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Sorting an array in a natural way
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Gem Version Dependency Status Build Status Coverage Status Code Climate Bountysource

The Mission

This open source project is sorting arrays in a natural way. Assume you have an string array like this here

["init30", "init20", "init200"]

If you are sorting this in ruby with ".sort" you will get this result

["init20", "init200", "init30"]

Because the default sort method does not recognize the numbers in the string. The NaturalSorter will return this result.

["init20", "init30", "init200"]


You should add this line to your Gemfile

gem 'naturalsorter', '3.0.11'

and run this command in your app root directory

bundle install


This project has a lot of test cases and a test coverage above 90%. To run the tests you need to have installed Ruby 2.X. To install the test dependencies run this in the root directory:

bundle install

To execute the tests run this in the root directory:


Version Sorting

This fork contains some special algorithms to sort version numbers in a natural order. This project is used at to show versions of selected open source projects.


These 2 methods are sorting a simple array of Strings. The name of the methods and the parameters are self explained.

Naturalsorter::Sorter.sort(array, caseinsensitive = false, asc = true)

And this here is for more advanced sorting. Where you can put in a array of objects and the method which should called on every object for comparison.

Naturalsorter::Sorter.sort_by_method(array, method, caseinsensitive = false, asc = true)

These methods are based on a different algorithm. Especially optimized for sorting version strings.

Naturalsorter::Sorter.sort_version(array, asc = true)

This here is again for an array with objects. Especially optimized for sorting version strings.

Naturalsorter::Sorter.sort_version_by_method(array, method, asc = true )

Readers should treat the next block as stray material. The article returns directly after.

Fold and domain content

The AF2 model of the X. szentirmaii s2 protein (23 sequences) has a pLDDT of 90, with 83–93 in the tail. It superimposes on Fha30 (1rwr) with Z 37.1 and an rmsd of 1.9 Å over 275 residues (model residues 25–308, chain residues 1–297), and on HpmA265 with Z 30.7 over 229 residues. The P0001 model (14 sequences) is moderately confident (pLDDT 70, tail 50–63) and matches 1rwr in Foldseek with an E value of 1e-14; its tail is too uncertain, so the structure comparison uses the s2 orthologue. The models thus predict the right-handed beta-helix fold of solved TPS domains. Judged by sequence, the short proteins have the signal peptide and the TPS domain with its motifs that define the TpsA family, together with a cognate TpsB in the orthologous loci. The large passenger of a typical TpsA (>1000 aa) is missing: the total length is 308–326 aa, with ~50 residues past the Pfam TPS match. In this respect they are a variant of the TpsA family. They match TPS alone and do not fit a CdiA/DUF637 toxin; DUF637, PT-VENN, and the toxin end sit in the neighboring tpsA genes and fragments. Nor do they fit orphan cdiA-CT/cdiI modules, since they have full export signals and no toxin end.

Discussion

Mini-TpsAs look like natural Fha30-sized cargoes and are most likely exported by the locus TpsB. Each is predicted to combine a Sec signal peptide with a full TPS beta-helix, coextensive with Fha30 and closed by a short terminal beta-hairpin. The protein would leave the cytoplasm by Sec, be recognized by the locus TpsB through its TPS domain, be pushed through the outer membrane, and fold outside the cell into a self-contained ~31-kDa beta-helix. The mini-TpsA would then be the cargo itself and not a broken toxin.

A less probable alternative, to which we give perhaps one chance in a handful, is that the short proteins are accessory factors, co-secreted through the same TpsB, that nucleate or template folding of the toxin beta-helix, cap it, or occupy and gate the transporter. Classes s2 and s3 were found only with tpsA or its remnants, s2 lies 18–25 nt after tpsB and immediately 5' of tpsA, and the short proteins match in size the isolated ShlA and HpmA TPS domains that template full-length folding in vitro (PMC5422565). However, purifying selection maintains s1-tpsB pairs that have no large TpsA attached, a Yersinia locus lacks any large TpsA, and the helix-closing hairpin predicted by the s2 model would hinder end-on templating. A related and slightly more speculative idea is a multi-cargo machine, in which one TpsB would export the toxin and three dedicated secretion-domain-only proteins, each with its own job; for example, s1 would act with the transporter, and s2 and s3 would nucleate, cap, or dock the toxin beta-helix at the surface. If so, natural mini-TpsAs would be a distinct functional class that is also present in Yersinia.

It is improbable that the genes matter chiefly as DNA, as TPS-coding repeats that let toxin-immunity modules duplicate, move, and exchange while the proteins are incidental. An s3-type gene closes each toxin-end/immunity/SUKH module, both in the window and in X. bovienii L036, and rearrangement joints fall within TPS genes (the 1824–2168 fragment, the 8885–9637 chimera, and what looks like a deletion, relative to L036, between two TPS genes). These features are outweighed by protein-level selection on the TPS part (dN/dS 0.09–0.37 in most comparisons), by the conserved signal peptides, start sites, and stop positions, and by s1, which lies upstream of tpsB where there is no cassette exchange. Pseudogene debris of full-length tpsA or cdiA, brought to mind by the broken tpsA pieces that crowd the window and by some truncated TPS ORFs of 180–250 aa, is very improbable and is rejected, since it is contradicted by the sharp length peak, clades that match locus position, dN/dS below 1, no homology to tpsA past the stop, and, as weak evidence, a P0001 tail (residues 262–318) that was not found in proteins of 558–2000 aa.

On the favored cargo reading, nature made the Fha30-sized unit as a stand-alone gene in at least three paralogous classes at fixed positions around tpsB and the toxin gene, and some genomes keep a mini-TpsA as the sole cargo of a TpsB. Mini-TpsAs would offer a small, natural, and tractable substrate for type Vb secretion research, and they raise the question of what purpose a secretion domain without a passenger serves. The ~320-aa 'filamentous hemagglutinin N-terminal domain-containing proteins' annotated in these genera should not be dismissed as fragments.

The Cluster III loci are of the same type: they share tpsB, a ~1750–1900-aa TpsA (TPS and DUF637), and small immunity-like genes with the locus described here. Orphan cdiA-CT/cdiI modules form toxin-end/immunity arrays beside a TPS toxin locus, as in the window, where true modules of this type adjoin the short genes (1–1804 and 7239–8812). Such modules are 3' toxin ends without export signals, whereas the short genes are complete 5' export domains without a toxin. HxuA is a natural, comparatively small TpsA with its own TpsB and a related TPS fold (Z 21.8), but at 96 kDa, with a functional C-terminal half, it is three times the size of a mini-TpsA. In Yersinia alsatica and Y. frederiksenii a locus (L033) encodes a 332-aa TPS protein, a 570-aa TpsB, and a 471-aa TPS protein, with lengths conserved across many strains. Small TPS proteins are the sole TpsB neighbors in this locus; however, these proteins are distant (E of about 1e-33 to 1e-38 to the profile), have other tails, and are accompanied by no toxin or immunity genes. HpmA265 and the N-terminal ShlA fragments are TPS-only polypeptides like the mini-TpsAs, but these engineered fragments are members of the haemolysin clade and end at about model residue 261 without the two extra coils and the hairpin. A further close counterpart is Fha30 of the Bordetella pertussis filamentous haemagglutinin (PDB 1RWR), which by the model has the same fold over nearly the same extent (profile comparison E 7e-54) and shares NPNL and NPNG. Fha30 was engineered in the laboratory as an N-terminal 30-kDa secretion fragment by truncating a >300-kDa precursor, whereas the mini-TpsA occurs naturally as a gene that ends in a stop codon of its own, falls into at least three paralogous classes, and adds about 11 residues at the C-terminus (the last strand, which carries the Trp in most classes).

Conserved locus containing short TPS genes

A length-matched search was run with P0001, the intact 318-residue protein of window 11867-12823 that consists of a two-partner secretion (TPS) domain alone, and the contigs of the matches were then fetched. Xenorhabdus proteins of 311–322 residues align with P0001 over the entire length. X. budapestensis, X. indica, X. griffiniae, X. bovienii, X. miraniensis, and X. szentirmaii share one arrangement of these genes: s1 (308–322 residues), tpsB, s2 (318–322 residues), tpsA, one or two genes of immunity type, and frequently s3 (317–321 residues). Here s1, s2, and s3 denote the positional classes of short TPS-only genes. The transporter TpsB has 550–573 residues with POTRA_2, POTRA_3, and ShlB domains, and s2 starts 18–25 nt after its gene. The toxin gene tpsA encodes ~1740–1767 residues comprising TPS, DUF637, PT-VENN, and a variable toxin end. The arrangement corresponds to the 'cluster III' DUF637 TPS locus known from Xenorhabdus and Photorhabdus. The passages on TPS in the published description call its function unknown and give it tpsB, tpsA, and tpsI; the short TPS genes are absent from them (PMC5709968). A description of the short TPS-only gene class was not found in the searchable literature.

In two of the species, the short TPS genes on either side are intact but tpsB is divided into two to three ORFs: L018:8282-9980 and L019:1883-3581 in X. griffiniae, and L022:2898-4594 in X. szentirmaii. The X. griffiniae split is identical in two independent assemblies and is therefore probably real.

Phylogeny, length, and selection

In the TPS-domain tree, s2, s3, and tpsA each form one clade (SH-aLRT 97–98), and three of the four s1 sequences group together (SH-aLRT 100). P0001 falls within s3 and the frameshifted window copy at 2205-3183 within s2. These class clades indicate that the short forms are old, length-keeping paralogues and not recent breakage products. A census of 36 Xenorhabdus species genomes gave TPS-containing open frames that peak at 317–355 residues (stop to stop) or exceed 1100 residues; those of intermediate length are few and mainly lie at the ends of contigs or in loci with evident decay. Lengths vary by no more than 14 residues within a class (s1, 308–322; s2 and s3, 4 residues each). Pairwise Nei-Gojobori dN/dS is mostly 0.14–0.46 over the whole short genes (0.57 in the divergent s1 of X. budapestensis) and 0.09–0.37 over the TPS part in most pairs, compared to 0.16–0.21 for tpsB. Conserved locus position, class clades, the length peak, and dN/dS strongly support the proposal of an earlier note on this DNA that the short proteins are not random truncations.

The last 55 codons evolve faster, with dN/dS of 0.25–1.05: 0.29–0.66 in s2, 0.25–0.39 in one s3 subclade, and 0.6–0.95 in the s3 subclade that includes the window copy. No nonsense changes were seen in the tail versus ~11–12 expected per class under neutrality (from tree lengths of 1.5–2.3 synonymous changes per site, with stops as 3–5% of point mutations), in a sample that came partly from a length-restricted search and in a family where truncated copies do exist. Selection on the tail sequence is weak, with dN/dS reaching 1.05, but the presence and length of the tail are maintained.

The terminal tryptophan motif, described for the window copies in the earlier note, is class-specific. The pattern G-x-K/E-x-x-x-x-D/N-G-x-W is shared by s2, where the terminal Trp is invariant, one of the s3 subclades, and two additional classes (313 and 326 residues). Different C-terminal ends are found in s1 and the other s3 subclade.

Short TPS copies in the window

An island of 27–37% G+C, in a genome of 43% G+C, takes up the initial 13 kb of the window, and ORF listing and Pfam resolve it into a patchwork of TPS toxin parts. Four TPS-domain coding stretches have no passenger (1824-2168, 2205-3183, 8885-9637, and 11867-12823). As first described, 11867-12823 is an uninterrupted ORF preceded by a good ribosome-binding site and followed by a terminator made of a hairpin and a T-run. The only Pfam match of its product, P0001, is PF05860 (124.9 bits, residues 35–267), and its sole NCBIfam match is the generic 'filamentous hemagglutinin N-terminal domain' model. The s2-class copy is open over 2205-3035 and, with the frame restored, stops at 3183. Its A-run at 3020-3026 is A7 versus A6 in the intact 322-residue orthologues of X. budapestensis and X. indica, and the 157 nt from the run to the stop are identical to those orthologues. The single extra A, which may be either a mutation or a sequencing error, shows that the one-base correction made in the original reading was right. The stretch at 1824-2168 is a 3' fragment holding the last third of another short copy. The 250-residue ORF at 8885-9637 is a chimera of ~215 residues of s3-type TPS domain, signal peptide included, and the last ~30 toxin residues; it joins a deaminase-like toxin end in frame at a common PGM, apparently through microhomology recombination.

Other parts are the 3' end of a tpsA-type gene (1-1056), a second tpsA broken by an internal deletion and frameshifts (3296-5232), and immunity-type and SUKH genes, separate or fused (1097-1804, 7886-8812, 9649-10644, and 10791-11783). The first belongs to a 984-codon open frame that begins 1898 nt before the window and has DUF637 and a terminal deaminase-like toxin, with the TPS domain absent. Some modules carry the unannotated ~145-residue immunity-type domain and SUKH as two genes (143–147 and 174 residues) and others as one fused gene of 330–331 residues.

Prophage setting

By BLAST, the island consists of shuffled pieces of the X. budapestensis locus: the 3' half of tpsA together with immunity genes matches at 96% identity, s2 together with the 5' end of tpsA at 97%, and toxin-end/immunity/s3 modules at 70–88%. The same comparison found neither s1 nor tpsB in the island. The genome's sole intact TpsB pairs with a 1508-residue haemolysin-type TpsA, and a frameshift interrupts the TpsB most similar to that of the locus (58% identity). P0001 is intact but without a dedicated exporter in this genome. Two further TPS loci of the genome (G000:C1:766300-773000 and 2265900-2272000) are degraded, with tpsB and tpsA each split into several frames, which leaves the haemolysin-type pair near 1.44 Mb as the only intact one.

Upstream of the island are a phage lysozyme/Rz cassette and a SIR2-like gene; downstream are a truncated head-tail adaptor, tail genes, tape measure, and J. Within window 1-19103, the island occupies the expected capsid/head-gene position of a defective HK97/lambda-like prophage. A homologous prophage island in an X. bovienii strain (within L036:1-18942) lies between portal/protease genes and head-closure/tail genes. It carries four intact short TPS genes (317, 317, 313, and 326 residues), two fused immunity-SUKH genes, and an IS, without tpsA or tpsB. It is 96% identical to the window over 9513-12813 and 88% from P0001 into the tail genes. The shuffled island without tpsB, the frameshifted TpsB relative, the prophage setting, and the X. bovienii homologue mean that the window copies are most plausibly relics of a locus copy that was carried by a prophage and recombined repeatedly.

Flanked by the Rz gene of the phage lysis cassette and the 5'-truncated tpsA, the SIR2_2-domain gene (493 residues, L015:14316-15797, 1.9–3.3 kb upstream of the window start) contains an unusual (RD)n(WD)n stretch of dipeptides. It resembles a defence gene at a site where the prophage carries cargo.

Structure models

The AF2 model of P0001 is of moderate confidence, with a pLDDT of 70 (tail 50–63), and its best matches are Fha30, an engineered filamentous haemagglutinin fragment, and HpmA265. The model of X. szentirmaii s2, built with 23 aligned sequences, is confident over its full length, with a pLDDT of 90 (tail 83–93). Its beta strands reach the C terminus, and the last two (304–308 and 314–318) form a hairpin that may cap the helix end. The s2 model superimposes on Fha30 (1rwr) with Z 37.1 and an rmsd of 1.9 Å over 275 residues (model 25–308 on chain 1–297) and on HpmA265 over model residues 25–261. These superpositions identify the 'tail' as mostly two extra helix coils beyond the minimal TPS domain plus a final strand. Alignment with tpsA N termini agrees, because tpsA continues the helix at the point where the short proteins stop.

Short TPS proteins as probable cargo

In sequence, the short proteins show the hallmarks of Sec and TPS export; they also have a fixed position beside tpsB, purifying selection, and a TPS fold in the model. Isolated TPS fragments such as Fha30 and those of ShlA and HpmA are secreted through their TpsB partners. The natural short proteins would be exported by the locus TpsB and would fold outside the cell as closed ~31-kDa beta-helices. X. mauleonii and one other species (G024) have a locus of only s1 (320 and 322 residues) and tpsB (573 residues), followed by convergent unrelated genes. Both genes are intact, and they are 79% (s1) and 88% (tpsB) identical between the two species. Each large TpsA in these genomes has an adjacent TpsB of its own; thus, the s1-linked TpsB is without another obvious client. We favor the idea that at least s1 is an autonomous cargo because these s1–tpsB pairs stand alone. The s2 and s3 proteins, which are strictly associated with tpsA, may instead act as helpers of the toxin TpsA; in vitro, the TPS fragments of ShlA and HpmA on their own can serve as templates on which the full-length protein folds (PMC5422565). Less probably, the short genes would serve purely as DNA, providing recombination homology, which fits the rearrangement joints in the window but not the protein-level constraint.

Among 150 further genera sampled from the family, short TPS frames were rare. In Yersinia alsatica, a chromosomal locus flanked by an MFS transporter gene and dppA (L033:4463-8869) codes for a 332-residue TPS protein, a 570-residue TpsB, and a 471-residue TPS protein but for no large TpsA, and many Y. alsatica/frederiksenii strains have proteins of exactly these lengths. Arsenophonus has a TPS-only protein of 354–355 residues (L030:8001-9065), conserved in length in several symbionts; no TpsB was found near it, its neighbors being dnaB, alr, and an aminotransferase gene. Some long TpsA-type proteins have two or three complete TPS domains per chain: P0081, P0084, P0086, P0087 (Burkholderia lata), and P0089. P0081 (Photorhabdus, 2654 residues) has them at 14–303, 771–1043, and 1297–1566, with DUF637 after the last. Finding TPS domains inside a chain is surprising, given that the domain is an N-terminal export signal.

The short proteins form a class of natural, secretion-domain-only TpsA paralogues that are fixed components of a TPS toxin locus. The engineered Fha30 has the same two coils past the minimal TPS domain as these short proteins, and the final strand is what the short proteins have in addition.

Get the newest version from the both given.

Naturalsorter::Sorter.get_newest_version(first, second)

Is a bigger than b?

Naturalsorter::Sorter.bigger?(a, b)

Is a bigger than b or equal?

Naturalsorter::Sorter.bigger_or_equal?(a, b)

Is a smaller than b?

Naturalsorter::Sorter.smaller?(a, b)

Is a smaller than b or equal?

Naturalsorter::Sorter.smaller_or_equal?(a, b)

This is for the Ruby GEM notation '~>'. For example '~>1.1' fits '1.2' and '1.9' and '1.14'. But not 2.0. The parameter version would be for example '~>1.1' and the parameter newest_version would be the current newest version of the GEM, for example "2.0". The method will return false in this case because '~>1.1' doesn't fit anymore the newest version.

Naturalsorter::Sorter.is_version_current?(version, newest_version)

How To Use - Examples

After the installation you can use it like this:

Naturalsorter::Sorter.sort(["a400", "a5", "a1"], true)

it will return the array ["a1", "a5", "a400"]. The second parameter is for "caseinsensitive".

If you have more advanced objects you want to sort, you should use the second method. Assume you have a Class User with 3 attributes: "firstname", "lastname", "age" and you want to sort an array of class Users by "firstname".

Naturalsorter::Sorter.sort_by_method(users, "firstname", true)

Isn't that awesome?

The next methods are based on my own implementation, optimized for sorting version strings like "1.1, 1.4, 1.10"

Naturalsorter::Sorter.sort_version(["1.10", "1.1", "1.2"])

will return the array ["1.1", "1.2", "1.10"]

Alan Davies

The first 4 methods in this library are internal based on the natcmp implementation from Alan Davies. All glory to him for his awesome work.

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